The Migration

In the week between Paris-Roubaix and the Amstel Gold Race, a strange migration occurs in northern Europe as the stout masters of cobblestones and rain gradually disappear from the countryside. We catch our final glimpses of them at races like the Scheldeprijs, and then they’re off to sunnier climes to rest and retool for a second, warmer season as Giro and Tour stage hunters.

But as the familiar plumage of the past few weeks departs, the peloton seems to grow tanner and thinner as its ranks swell with different subspecies, many from more southern countries. The narrow, better paved roads of the Netherlands’ Limburg region and southeast Belgium attract riders who perhaps lack the more solid constitutions necessary for the jarring, muddy roads of Flanders, but who boast physiques that find a more compatible habitat in this region’s frequent, choppy hills.

Some of the native Belgians are replaced by migrating Spaniards, like Alejandro Valverde (Caisse d’Epargne), who has tuned his classics form with a win this week in Paris-Camembert, and Igor Astarloa (Milram), who will try again to find the magic that won him Fleche Wallonne in 2003. Sunny Italy, of course, produces subspecies that can thrive in both environments, but they are distinct from one another, with riders like the proven Paolo Bettini (Quick.Step) and Davide Rebellin (Gerolsteiner) and young Ricardo Ricco (Saunier Duval) replacing the likes of Alessandro Ballan and Fabio Baldato (Lampre).

This yearly migration also marks an anomaly in cycling – that singular time of the year when grand tour riders cross the lines of specialization to participate in one-day races. The winners lists of Amstel, Fleche Wallonne, and Liege-Bastogne-Liege are dotted with those who have been successful in the three week tours –DiLuca, Armstrong, Kelly, Berzin, Zoetemelk, and Hinault to name a few. And of course, Merckx, but that’s a given. Those same lists are also marked by those who have tried and failed to master both disciplines – Hamilton, Bartoli, and the aforementioned Rebellin. This year, there are several participants who could yet hope to be durable enough for both – Damiano Cunego (Lampre), Frank Schleck (CSC), and, of course, Valverde.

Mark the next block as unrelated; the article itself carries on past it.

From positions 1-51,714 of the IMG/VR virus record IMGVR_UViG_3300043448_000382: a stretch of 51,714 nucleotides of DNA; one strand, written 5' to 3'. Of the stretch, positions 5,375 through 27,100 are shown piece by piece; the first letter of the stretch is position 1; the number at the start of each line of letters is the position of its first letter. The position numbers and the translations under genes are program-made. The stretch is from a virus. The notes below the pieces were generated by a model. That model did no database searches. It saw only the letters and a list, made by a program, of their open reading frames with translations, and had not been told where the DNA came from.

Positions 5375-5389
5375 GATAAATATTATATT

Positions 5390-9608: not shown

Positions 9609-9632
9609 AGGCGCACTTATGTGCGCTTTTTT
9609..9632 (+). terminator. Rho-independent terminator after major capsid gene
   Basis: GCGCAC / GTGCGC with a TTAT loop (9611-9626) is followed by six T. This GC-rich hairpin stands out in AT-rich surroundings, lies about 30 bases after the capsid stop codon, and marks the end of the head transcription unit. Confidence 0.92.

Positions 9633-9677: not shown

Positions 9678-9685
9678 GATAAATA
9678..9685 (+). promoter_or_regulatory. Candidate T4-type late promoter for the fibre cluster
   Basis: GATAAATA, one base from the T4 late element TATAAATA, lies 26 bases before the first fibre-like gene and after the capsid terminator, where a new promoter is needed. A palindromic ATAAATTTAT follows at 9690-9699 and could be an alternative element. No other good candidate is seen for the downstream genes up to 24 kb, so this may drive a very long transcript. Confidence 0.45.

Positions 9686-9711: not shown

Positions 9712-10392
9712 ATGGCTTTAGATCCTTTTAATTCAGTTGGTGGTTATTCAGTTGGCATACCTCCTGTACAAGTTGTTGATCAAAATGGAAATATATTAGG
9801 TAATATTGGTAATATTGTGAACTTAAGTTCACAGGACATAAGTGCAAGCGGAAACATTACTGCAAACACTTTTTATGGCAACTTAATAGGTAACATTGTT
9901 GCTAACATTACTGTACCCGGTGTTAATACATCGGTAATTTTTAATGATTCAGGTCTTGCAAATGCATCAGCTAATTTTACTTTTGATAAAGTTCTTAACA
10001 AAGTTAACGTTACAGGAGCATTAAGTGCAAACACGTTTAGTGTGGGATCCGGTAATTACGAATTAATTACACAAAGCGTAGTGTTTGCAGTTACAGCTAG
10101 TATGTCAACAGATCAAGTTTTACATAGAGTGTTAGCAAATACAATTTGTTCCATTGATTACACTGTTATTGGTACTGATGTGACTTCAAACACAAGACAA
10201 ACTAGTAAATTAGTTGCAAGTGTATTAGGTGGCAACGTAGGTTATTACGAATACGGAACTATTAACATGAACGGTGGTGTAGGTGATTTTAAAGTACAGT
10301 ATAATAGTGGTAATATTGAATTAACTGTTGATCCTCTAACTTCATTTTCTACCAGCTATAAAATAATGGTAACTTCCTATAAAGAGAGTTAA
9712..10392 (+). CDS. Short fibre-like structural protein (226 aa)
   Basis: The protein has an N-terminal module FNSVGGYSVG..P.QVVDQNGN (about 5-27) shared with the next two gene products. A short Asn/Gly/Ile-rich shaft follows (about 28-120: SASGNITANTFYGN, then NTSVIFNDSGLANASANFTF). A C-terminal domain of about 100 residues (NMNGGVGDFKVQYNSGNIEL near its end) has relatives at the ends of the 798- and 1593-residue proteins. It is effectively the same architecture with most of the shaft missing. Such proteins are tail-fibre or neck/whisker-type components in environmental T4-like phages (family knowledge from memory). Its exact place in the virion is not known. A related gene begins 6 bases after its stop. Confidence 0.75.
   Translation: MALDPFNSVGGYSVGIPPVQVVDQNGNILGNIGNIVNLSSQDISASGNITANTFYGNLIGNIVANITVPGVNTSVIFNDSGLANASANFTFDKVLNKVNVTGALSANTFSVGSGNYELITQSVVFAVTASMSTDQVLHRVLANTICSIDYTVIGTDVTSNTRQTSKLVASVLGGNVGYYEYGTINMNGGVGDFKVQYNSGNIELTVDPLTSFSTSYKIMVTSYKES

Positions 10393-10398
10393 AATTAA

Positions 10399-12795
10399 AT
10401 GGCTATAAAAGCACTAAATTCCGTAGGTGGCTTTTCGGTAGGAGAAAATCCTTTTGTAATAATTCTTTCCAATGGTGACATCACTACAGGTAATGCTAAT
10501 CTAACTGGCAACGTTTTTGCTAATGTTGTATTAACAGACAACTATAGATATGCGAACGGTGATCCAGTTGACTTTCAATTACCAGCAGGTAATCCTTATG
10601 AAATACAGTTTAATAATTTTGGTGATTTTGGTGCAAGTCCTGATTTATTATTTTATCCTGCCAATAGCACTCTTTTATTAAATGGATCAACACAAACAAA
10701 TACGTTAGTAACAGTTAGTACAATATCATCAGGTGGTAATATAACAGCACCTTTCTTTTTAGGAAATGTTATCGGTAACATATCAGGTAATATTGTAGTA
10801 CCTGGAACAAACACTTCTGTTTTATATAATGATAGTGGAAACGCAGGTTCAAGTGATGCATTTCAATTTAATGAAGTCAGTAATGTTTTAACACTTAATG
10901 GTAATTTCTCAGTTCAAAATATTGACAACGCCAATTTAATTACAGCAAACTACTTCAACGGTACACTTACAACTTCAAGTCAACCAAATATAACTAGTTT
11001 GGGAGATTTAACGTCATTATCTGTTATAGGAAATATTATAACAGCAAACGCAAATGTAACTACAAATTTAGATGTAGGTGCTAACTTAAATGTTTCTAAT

As with any migration, there are always the outliers – the early arrivals and those who trail behind their departed flocks. Some riders who favor these wooded hills, like Quick.Step’s Carlos Barredo and Cofidis’ Sylvain Chavanel, arrived in time to endure and thrive on the cobbles of the Ronde Van Vlaanderen, but will now seek to make good on their form in a more suitable environment. Others, stars of the flatter roads like Leif Hoste (Silence-Lotto) will ride at least through Amstel, hoping to salvage their spring seasons with a better result despite the increasingly unfavorable courses. And still others, mostly domestiques like Bram Tankink (Quick.Step), more suited to the stones than the asphalt, will hang around a bit longer before giving way to more specialized squads for the hills of the Walloon Ardennes.

Finally, of course, there are the rare local birds, like Philippe Gilbert (FDJeux), Maxime Monfort (Cofidis), and Christophe Brandt (Silence-Lotto), who come home to roost just once per year and will look for success in front of the home crowds.

It’s a strange flock, this mashup of worn out Flandriens, wiry Spaniards, and stage race hopefuls. But somehow, it works. Each year, Amstel, Fleche, and Liege serve up some of the most riveting racing of the season, and perhaps the only chance to catch a glimpse of professional cycling that is not so sliced, diced, specialized, analyzed and weighed for maximum performance. After all, when else could you see Leif Hoste battle Damiano Cunego for a win? How often would Oscar Freire face off with Frank Schleck? Like many things in cycling, Ardennes week comes but once a year. Enjoy it while you can.

The Schedule
Amstel Gold Race: Sunday, April 20
Fleche Wallonne: Wednesday, April 23
Liege-Bastogne-Liege: Sunday, April 27